1781 Collective: The First Steps.

If you’re reading this post, it is because you have signed up to our mailing list or expressed an interest in our work. The following text was originally written to be sent out as an email body, but the sheer length seemed a bit excessive without the aid of nice formatting.

In the past few months we have been working on two threads simultaneously: Firstly, developing a community of like-minded creators and organisations; secondly, developing performance concepts that can act as an example for those wishing to think of new delivery methods in concert, including elements of something we’ve termed ‘Introspective Experience’. Below will detail a little further, and we wholeheartedly welcome your contributions, comments, and criticisms.

1. Community Development

The long-term goal of the 1781 Collective. Crossmodalism, a movement founded in London by members of 1781 was originally launched to combine science, art, design/tech, and entrepreneurship; encouraging interdisciplinary collaboration to create new research, performances, products etc. When Crossmodalism began in 2013, it started off as a performance series, which fast evolved as we found several organisations and practitioners exploring the same concepts. At this point we made our best move: making the decision to create a community, instead of competition.

Crossmodalism: Photo, Chris Lloyd

Where this was successful was that we as an organisational team, at no point wanted to control, own, or influence the producers and creators who came to us. At it’s high point, Crossmodalism had several hundred active participants around the world, and we were engaged for weird and wonderful festivals and conferences that put artists in the Science Museum (London), ethical pornographers screening films after a Stockhausen performance (Open Senses Festival), and scientists in field festivals dressed as unicorns for a cosmic-themed dining experience (Also Festival). Fun times.

This model is what we hope to achieve with the 1781 Collective: a global organisation of independent musicians, artists, and organisations; working together to create a parallel system to the traditional industry. There are so many talented, hard-working, entrepreneurial artists all aiming for very similar goals — ostensibly the freeing of classical music, the breaking down of barriers etc. — and we believe that in connecting these currently disparate groups, we can make a far bigger impression on our cultural scene; and most importantly, allow us to embrace what we all collectively love most. So, the message here is: not competition, but community. If all we’re aiming to do is realise our individual goals and qualities, then this is something that can never be challenged by another — only strengthened.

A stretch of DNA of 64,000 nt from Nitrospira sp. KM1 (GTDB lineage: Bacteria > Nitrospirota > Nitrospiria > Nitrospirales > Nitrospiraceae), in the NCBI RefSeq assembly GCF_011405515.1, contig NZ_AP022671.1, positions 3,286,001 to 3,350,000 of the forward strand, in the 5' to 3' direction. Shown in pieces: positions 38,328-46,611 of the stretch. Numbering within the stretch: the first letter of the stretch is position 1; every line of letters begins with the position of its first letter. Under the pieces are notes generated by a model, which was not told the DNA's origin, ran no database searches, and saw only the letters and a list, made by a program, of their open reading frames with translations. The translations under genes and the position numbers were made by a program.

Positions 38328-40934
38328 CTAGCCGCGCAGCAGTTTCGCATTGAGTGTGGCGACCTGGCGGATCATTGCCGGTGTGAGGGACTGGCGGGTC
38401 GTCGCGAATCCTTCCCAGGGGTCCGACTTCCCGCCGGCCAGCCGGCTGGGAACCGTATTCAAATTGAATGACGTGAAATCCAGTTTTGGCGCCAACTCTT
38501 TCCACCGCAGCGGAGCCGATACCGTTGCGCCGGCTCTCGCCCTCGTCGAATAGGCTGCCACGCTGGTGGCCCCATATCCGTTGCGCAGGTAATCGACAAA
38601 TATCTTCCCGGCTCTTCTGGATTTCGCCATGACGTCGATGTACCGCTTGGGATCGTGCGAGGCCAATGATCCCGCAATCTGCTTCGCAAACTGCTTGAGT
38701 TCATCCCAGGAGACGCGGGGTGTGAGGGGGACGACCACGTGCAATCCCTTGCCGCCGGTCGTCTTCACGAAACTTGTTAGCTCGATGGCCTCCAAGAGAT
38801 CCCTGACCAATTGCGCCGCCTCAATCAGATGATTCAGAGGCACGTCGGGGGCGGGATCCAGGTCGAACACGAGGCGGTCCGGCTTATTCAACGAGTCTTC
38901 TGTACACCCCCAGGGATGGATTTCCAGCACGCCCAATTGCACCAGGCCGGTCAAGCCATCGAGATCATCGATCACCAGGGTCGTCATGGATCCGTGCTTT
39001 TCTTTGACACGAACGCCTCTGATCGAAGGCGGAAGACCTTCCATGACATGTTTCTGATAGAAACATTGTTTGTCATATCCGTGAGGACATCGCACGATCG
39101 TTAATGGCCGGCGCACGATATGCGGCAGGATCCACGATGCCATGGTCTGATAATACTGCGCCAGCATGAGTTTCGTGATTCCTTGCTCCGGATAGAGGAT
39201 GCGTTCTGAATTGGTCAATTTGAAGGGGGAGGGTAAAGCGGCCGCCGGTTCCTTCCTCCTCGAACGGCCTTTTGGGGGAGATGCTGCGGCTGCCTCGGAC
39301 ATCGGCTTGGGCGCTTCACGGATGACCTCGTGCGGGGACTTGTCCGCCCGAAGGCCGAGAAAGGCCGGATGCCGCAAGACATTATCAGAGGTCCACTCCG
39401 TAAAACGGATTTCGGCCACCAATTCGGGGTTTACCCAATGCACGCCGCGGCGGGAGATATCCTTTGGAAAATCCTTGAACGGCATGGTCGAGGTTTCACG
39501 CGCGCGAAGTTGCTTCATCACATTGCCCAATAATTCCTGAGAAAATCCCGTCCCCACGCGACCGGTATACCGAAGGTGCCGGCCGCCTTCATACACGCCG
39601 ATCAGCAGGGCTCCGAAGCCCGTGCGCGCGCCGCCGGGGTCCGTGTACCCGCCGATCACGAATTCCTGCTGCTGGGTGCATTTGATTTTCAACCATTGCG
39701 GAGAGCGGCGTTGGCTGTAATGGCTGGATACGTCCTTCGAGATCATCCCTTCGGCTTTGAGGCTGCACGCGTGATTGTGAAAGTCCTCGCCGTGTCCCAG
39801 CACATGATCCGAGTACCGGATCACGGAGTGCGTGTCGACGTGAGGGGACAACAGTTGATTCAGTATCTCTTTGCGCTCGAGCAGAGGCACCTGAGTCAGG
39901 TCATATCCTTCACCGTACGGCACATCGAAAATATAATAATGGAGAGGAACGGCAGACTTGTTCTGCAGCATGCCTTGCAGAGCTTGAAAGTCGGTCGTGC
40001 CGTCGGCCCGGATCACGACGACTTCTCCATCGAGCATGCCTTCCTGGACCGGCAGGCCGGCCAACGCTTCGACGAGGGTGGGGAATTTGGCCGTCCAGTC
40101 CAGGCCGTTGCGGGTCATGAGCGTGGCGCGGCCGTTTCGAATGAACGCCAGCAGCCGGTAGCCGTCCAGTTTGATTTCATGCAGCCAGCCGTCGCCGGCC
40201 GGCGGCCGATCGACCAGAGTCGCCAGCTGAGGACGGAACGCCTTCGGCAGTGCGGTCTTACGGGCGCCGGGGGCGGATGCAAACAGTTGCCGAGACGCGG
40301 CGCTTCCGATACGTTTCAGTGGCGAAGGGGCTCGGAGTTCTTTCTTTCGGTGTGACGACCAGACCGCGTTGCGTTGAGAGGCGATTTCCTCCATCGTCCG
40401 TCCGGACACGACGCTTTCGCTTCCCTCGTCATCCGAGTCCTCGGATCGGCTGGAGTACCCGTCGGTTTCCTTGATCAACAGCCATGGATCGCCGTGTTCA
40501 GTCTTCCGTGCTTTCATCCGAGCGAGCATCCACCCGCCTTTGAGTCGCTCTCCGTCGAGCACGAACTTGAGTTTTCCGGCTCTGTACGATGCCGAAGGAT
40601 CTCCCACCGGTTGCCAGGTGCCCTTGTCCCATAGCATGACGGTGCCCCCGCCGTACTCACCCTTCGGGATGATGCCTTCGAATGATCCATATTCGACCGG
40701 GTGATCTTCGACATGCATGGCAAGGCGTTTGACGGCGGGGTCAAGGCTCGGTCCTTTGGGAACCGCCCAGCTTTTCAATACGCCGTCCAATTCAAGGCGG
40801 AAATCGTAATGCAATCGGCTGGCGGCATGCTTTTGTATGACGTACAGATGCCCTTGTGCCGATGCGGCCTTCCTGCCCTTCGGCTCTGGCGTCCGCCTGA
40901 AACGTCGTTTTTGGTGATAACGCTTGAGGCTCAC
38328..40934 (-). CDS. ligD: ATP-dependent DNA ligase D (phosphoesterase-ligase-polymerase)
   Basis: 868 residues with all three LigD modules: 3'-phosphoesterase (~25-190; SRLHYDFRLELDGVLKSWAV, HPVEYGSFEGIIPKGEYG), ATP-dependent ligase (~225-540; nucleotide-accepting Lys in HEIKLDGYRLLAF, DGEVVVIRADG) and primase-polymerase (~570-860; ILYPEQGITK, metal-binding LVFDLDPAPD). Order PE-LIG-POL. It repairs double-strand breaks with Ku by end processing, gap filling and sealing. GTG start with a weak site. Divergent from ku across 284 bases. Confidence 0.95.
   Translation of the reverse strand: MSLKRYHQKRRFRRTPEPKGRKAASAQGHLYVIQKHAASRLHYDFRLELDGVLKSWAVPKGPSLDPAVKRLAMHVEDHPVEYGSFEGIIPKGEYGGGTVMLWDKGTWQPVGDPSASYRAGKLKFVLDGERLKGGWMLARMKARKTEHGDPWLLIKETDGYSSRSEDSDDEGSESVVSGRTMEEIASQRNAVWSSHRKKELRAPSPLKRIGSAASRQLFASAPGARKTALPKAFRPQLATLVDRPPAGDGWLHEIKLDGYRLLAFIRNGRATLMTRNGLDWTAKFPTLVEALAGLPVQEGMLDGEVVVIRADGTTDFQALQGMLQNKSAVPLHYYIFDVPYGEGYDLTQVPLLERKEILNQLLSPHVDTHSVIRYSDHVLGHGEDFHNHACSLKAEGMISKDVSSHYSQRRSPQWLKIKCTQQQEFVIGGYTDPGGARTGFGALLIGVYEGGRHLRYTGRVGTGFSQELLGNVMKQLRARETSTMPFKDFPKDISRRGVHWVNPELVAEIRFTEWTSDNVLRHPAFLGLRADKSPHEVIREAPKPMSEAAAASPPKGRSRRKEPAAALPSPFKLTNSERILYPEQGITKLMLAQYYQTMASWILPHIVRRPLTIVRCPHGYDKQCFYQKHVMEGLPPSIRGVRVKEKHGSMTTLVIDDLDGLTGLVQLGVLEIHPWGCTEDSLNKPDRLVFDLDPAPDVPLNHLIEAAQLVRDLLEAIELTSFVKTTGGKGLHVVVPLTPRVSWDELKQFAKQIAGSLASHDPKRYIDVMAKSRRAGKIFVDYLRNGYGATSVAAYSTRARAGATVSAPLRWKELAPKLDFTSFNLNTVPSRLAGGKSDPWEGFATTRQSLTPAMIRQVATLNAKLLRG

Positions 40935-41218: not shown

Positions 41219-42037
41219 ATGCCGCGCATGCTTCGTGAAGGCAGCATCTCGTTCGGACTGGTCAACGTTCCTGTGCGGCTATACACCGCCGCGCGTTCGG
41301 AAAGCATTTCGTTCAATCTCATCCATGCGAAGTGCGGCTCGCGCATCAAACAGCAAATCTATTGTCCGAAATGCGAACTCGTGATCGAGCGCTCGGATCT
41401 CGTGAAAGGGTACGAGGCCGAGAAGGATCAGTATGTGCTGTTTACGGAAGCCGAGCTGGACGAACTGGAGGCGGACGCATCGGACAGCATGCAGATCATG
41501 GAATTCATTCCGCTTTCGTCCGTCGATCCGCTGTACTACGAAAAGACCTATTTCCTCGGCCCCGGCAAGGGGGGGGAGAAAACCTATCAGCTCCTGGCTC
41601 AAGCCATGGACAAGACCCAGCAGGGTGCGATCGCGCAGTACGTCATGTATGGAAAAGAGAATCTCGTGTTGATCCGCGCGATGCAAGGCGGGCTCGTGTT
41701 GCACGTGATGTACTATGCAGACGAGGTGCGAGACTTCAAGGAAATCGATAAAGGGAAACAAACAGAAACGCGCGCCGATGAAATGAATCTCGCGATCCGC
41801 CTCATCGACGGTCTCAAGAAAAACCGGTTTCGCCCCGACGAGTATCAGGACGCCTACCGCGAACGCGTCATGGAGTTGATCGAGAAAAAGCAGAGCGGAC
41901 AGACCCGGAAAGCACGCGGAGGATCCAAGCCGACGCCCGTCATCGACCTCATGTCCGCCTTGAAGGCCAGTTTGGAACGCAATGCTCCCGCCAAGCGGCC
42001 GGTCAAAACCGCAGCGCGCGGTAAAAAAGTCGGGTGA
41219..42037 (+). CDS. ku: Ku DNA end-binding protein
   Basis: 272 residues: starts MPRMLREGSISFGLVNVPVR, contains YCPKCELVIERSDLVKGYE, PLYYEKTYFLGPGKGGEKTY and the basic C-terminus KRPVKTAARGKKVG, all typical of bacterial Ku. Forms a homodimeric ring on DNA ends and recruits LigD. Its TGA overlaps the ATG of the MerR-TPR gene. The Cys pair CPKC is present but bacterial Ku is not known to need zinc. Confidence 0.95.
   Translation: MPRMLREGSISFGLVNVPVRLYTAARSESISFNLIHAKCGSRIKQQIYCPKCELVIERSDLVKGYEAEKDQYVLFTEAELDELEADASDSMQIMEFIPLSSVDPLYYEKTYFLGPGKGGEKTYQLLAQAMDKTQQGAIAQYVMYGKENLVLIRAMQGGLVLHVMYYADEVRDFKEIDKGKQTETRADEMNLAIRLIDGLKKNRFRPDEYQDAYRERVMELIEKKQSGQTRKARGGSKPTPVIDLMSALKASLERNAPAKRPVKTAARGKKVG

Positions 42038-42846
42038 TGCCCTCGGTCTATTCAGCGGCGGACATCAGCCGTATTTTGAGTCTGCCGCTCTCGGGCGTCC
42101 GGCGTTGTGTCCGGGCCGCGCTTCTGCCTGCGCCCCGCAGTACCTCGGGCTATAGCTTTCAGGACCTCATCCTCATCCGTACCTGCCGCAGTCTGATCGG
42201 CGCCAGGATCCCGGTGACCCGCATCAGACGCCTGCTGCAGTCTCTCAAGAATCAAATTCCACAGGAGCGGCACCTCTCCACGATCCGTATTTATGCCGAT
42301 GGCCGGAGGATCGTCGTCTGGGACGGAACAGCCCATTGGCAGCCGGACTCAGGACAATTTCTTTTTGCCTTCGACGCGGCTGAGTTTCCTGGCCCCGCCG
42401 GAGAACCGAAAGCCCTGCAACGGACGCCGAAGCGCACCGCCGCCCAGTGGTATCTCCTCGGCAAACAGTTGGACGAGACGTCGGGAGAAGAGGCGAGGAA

2. Performance Ritual Design

Please note two things: a) we’re not claiming any of these techniques as explicitly new or unique, and b) the following is an example, and far from ‘governing rules for 1781 events’.

Photo: Charles Michel

In February, members of the 1781 Collective travelled to Madrid to explore some new performance methods in an attempt to redesign the relationship of the audience and performer. Why Madrid? Paella and churros, mostly.

Our first goal was to explore different aspects of existing ritual in traditional concert experiences. These rituals are rather broad, including: concert selection (generally based on repertoire and artist or venue), ticket purchasing, clothing selection, arrival, pre-concert drinks, entrance into performance space, change of lighting, communication about switching off phones, programme notes, entrance of musicians, applause before and after works, curtain calls, encores, leaving the venue, post-concert reflection, etc.

Applause was the first target. The dialogue around applause is so infuriatingly repetitive these days. On one side you have purist audience/performers who demand absolute silence, with no applause between movements. As ‘educated’ listeners, we come to appreciate this, especially as we are comfortable with these set rituals. There is a fair amount of false pretext here however — anyone who has ever read a book on historical performance practice can easily negate this non-applause argument. Coming to the conclusion that trying to re-instigate historical performance etiquette would be unlikely to succeed, we decided to go even further: completely banning applause throughout the entire evening.

This required us also to adjust several performance concepts, such as having the musicians onstage before the audience entered rather than after, and modifying certain elements of our repertoire to create a seamless narrative flow based on intensity. We discovered that communication is absolutely key here: the audience must understand that the reason we are asking them not to applaud is not because we wish to become even more dogmatic, but because we wanted to a) open an aural space after the piece has completed, b) take away anxiety from new audience members about when and where they should applaud, and c) take away the needless show of affected-affection for the performers.

Moving forward to April in Berlin, we built on these lessons to delve further into Ritual Redesign. Our main target now was the performer-audience relationship: the system currently has a top-down, vertical dynamic, with the performer in control of proceedings, and audience members passive consumers of what is presented. Attempting to create a horizontal balance, we looked at ways to give audience members elements of responsibility for the overall performance through a variety of means.